First a shout-out to my buddy John Scott at Bluesman Vintage here in Nashville
for helping to make this blog (along with the restoration) possible … Thanks
John! Now, let’s get into this story.
This bass is currently owned by Georgia picker Wayne Kistner who traded for
it it way back in 1971 from super-picker Les Dudek who, in addition
to his solo material, has played guitar with The Steve Miller Band, The
Dudek-Finnigan-Krueger Band, Stevie Nicks, Cher, Boz Scaggs, The Allman
Brothers and many more uber-cool cats.
So, this bass has some History with a capital “H”!
Okay, so take a good look at the above pic of the bass; kinda makes you
think “what the heck?” … right? Looks
like some of the guitars that were found floating in a swamp after hurricane Katrina. But no, this guitar was not the victim of
THAT kind of natural disaster … it was ANOTHER kind of natural disaster! You see, that early plastic pickguard (a concoction
of nitric acid, sulphuric acid, cotton fibers, and camphor) was just doing what
nitric acid and sulpheric acid naturally does over time … it was an agent of
corrosion! If you have a vintage
instrument with any plastic parts made from this highly unstable and corrosive
early acid-based plastic, here is a key:
Don’t keep it shut up in a case for long periods of time, because if you
do, when you open the case you might well see somthing like the horror pictured
here! For more on this dangerous off-gassing, read this Gibson blog on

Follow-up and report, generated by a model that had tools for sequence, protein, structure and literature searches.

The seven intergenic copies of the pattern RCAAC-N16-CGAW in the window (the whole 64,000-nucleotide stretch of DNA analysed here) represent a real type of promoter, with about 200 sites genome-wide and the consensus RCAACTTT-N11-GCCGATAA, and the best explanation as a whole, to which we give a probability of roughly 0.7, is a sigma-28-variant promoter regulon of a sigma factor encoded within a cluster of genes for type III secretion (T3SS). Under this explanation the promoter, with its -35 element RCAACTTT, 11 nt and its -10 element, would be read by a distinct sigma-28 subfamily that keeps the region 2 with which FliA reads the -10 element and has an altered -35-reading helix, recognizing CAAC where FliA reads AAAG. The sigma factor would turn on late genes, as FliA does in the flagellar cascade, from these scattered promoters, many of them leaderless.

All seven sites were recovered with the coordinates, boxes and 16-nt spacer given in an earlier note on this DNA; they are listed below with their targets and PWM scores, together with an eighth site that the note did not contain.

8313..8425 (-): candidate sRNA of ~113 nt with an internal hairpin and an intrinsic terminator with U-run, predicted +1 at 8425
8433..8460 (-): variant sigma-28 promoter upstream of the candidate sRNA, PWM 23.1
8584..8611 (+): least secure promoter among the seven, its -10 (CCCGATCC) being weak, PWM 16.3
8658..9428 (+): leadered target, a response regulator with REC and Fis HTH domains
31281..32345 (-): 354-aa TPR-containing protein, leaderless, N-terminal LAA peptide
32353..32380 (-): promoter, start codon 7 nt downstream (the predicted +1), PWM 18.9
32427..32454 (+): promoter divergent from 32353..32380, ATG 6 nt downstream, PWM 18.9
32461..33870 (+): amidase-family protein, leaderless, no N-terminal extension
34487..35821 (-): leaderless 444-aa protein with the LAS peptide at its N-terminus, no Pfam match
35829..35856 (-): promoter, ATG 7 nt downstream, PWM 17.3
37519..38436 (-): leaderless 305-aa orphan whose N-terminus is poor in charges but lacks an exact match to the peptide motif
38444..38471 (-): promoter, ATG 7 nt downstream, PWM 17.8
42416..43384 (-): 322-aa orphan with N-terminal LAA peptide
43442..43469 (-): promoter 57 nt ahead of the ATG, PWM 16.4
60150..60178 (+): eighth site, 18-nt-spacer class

And so, this is the condition the bass was in when it hit the shop of
Bluesman Vintage. They carefully disassembled
her and lovingly put her back together again, cleaning and re-using as many
original parts as they possibly could.
The dead-as-a-doornail pickup wound up (no pun here :-) in my shop. She looked terrible … but in a cool vintage
kind of way! When I cut and removed the
coil, I found just what I expected: a LOT of corrosion on the magnetic pole
pieces; this was probably what led to the pickups demise!
So I stripped her down and cleaned and polished her up on the inside, but
left the outside looking fully “vintage”.
Next, I fully covered the pole pieces with Kapton tape prior to winding, to
ensure corrosion would never again suppress this gal’s voice.
Then I re-charged the magnetic poles, which were reading nearly fully dead. Luckily, they charged nicely up to a very
healthy level for AlNiCo 5!
Then it was on to the hand-winder for about 10,000 turns of period correct
Plain Enamel coil wire.
The original lead wires were re-used for historic integrity. The cotton jacket on them was flaking just a
bit, and the black lead had turned more blue-ish in color, but they were fully
Then she got a nice comfy cotton-string protective wrap, just like she was
given at birth back in 1968.
And then it was on to a nice dip in my own proprietary vintage tint lacquer
And last, we checked her vitals, just to make sure she was fully recovered
and ready to once again make folks realize that, after all is said and done it
really is “all about that bass”. She
clocked in at a perfect 8.7K resistance and 3.66 Hernies of induction, those
numbers combined with her average pole gauss readings in the 1,100 range mean
she is just flat PERFECT.
And, doesn’t she look sweet!
Speaking of looking sweet, I’ll end this blog with some pics of the fully
restored bass. Contrast these to the pic
at the top of this blog. And remember
children: watch that old plastic “explosive”!